With the first suppressions in 1536 it appeared that this was simply the sort of reorganization that Wolsey had employed and for which even good Catholics had been calling in order to reform the Church.  Small houses with little income and few members were first to be targeted.  Monks and nuns were transferred to larger houses that could support them.  Royal Commissioners would visit the house, interview the community, inventory the assets and make a report back to Cromwell.  Not all houses were immediately suppressed—some were allowed for the time being to continue.  Those marked for suppression were visited a second time where the visitators would actually close down the house, transfer the religious, and dispose of the property.  In the disposal of the properties—the seizure of the assets in the King’s name or their distribution to the King’s friends—the commissioners were very careful to make sure all debts were first settled, those owned a pension given their rights, and matters settled amiably with tenants.  Properties were not just seize outright for the King.  Those religious—a minority—who wanted to secularize rather than transfer to a new foundation—were also given a cash settlement from the monastery assets.  As fair as the royal commissioners were, the canons of the two houses that resisted their suppression—were treated quite brutally, some with imprisonment and others with death. All of these foundations closed in the first wave of suppressions were either monks (Benedictine, Cistercian, or Carthusian), nuns of the same orders, or Canons Regular.  About eighty houses were suppressed in this first wave—most having less than a half dozen religious.  The Carthusian houses were larger communities but due to the resistance their now martyred colleagues had shown to the royal supremacy, came into particular focus for suppression.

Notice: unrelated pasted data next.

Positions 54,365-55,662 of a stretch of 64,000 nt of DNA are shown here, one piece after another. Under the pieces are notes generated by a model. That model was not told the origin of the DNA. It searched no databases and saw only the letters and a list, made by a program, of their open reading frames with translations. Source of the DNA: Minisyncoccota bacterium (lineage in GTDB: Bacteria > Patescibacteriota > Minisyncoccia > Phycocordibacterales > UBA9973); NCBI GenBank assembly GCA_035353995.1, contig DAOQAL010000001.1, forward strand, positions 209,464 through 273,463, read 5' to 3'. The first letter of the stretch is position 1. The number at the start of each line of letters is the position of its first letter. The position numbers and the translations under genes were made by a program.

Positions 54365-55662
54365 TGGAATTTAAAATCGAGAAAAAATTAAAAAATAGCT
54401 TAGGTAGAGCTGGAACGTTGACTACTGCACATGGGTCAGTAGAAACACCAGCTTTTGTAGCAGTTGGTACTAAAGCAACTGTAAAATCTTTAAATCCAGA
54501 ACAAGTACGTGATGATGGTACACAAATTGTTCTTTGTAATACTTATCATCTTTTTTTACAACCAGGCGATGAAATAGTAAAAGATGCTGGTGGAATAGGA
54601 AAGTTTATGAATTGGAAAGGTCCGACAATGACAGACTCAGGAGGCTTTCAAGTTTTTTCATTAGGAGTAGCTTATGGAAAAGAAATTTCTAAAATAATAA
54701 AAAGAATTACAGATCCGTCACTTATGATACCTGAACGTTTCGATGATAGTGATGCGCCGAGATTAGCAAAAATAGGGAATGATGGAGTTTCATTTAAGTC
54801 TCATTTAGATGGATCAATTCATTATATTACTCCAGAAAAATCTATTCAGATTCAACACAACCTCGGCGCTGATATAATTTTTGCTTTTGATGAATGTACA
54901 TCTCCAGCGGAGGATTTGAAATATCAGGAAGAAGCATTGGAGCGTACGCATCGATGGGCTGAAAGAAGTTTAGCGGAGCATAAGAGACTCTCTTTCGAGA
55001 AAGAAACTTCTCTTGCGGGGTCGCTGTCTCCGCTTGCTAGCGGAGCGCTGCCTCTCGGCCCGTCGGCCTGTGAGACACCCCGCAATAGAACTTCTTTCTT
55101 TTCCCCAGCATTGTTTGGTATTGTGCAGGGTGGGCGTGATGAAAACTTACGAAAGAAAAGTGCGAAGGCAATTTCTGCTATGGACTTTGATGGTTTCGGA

The second phase—in 1537—was accomplished by encouraging larger communities to voluntarily surrender their property and assets to the crown.  The Cistercians at Furness Abbey voluntarily surrendered their monastery because Henry was about to move against them for their involvement in the Pilgrimage of Grace—a popular uprising against Henry’s break with Rome.  Jervaulx, also Cistercian, surrendered for similar reason.  Lewes Priory (Benedictine), Titchfield Abbey (Premonstratensian) Bardsey Abbey (Augustinian), Eye Priory and Easby Abbey all voluntarily surrendered.  A new policy was put into practice with the religious not being allowed to transfer to other houses, but being given a modest pension on which to live on their own.  Monastic pensions averaged around £5 a year—at that time the income of a modest gentleman.  Nuns were less fortunate as their monasteries were usually less well endowed than those of the monks or canons and received about £3 per annum.  Henry required that monks and nuns, though no longer living in their cloisters, maintain religious garb and he forbad them a release from celibacy which prevented their marriage.  For nuns this mean they usually had to return to their families, but the pension due them provided them with the ability to contribute to the family income.  Abbots and priors usually received more handsome—and often more handsome by far—pensions.  They also were more likely to be offered Cathedral deaneries or even bishoprics, in which case their new position paid them a salary in lieu of any pension.